The five biographies in Biographees are all told in unique, smart, unassumingly disturbing ways. Their surreal, black & white illustrations are hilarious and strange. Characters might appear as black lumps, while the next page might have a character’s nose peeking through a curtain, and the next page, a multiple choice of mustaches. On the surface, the drawings and text are simple, but together they form something a bit more complex; they’re perfect little anti-biographies. There is the story of the escape artist, escaping any situation in which she risks being described. There is the biography of a wealthy recluse with scopophobia (the fear of being seen), told in very detailed hearsay. Another story is the wishful biography of a young son’s polar adventure daydream.
I wish I could scan in a drawing or two from Biographees or point to them on the web, but this is what’s found on the t.p. verso: “All rights reserved. No part of this publication may be reproduced, stored in a retrieval system, or transmitted in any form, or by any means, electronic, mechanical, photocopying, recording or otherwise, without the prior permission of the publisher.”
I am a little terrified to even mention the book, now that I think about it.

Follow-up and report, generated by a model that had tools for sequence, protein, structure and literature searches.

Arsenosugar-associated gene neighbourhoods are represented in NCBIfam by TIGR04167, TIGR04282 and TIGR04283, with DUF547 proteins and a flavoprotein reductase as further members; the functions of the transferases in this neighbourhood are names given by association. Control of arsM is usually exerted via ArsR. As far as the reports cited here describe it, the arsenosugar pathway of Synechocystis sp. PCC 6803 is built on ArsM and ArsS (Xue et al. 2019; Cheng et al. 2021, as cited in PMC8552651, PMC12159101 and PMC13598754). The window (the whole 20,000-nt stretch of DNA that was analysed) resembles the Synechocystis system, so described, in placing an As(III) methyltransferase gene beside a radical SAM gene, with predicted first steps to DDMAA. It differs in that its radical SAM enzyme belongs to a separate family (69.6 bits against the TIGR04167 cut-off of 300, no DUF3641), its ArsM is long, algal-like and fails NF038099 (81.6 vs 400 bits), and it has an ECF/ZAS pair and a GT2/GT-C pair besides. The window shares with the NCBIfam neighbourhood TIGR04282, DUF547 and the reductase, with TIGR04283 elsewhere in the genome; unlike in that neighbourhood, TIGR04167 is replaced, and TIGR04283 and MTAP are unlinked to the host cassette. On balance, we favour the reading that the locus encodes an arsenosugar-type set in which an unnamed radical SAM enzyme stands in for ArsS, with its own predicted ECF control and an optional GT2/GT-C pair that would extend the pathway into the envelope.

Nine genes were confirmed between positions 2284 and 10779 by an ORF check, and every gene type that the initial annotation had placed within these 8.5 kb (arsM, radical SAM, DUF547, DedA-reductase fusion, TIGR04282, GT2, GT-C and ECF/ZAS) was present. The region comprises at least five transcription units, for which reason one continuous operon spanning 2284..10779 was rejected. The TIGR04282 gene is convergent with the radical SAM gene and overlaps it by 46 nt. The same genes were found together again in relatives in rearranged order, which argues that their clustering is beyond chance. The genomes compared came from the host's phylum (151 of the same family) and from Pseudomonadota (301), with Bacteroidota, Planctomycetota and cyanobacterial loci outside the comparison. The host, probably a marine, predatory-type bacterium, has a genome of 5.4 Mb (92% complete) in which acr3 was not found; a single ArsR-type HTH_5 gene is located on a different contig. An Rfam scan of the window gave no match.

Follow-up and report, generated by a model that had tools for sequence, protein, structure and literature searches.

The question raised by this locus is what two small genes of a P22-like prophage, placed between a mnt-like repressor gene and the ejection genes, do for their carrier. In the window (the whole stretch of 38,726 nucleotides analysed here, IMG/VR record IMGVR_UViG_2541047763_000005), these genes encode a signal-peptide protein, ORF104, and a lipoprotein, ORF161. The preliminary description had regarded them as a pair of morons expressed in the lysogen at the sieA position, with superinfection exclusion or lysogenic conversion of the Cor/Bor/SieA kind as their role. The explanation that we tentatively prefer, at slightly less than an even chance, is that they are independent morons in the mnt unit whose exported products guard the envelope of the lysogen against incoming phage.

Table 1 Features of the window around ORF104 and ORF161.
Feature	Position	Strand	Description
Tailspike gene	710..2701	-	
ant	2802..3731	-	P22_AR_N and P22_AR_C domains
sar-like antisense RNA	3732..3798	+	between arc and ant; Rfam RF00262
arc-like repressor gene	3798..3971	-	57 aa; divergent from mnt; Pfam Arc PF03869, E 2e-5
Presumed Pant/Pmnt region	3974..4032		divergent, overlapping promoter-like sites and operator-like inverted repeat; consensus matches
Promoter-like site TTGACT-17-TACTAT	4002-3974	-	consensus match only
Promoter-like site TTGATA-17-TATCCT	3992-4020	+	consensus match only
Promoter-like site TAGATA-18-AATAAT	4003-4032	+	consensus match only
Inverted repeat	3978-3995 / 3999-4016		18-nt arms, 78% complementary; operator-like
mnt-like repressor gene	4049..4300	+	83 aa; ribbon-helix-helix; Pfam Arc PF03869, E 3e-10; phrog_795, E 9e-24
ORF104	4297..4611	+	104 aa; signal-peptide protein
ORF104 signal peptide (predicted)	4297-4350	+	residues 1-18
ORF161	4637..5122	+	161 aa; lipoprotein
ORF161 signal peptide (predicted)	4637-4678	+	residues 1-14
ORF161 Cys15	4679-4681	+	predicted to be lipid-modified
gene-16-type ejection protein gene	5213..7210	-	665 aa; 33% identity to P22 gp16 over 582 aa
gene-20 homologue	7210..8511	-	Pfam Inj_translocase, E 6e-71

In each of the stories, despite missing something greatly important to the narrative, an ending, a resolution, an explanation, in one, even the main character himself, they are full and bursting with something more important. Samuel Johnson, biographer of many, wrote this about biography, “There are many invisible circumstances which…are more important than public occurrences.” When you’re writing the biographies of the fictional the invisible circumstances are infinite and Roberts chooses the most evocative and necessary.
It’s difficult to find much in the way of biography about Victoria Roberts. Though she’s a regular cartoonist for the New Yorker, has written and illustrated over 20 books, was the star of a couple of one-woman shows, there are only the most generic facts floating around about her.
from The New Yorker, May 18, 2009